PATTERSON — Sierra Pacific Warehouse Group unveiled the new solar panel system on its Patterson warehouse April 10, the largest solar system in the Turlock Irrigation District. The company’s CEO Chris Murphy said it’s a move he’s been wanting to make for years.
“I’ve wanted to do this for eight, nine years, and it was just out of our reach,” Murphy said. “Rodda Electric came to us with a plan that let us get as much energy as we could out of the roof. Then we were able to make that decision to go for it.”
The system consists of 100,000 square feet of solar panels that generate 835 kilowatts of electricity, or about 46 percent of Sierra Pacific’s needs — a huge savings for a warehouse that stores frozen food and whose electric bills are between $80,000 and $100,000 a month.
“The other thing that makes it unique for us is as a frozen warehouse, our power demands are really constant,” Murphy said. When this system’s working the hardest is when we’re getting the most off the roof, and that’s when the region has most of their demand. So when we’re at full production, we actually help the area electricity grid.”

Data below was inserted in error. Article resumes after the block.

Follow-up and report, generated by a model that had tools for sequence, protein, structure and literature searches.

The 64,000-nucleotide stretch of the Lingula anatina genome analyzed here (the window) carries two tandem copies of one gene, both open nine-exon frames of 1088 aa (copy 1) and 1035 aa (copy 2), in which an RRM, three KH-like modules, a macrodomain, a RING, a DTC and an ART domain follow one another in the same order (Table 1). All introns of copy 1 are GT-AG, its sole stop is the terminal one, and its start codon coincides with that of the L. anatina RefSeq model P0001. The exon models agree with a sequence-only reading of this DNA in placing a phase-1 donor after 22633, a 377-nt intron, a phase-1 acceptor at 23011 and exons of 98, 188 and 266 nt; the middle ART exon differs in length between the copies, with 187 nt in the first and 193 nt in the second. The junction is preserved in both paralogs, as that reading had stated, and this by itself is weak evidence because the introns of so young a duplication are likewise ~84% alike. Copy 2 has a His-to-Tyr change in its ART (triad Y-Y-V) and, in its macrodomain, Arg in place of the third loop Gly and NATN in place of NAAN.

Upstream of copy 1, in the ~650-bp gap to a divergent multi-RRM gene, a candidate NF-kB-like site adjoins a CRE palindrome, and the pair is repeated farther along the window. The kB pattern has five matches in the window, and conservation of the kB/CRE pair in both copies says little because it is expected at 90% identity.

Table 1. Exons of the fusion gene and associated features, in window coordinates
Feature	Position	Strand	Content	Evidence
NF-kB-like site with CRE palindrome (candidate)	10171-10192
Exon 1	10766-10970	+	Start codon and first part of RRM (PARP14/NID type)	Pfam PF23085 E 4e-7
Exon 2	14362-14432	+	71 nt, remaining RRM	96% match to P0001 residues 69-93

Rodda Electric, out of Brentwood, installed the system. Murphy said the company worked with Sierra Pacific to maximize energy efficiency, which was key in the warehouse group’s decision to move on solar now.
Sierra Pacific celebrated the new solar system with a luncheon attended by dozens of employees and dignitaries including Sierra Pacific president Michael McNulty, Rep. Jeff Denham, District 21 Assemblyman Adam Gray, Stanislaus County Sheriff Adam Christianson, Stanislaus Business Alliance CEO David White, Turlock Mayor Gary Soiseth and Patterson Mayor Luis Molina.
Denham told the group that the Sierra Pacific project was an example of the potential for energy independence in the Central Valley.
“Here in the Central Valley, between our hydro-electricity with our many irrigation districts, the wind power that we have coming over the Altamont and now the huge, growing projects that we’re having with solar, we have an ability like no other to be energy independent here utilizing our own resources,” Denham said.
Murphy said supporting the growth of solar power was one of the reasons the company decided to invest in it.
“Ethically it’s the right thing. Environmentally it’s the right thing to do,” Murphy said. “I believe that we need energy independence.”
According to Murphy, the company at first thought the new system would pay for itself in about a decade, but with energy costs rising, he said he now believes it will be sooner.
Murphy advises other companies thinking about installing solar systems to move ahead.
“Do the math because the systems are getting cheaper,” Murphy said. “The panels are getting efficient. The inverters are getting more efficient. You don’t know where we’re going to be with hydro or gas. I mean, there’s a lot of unpredictable things in this market and so the one thing off the top of your roof is really predictable and you can manage it.”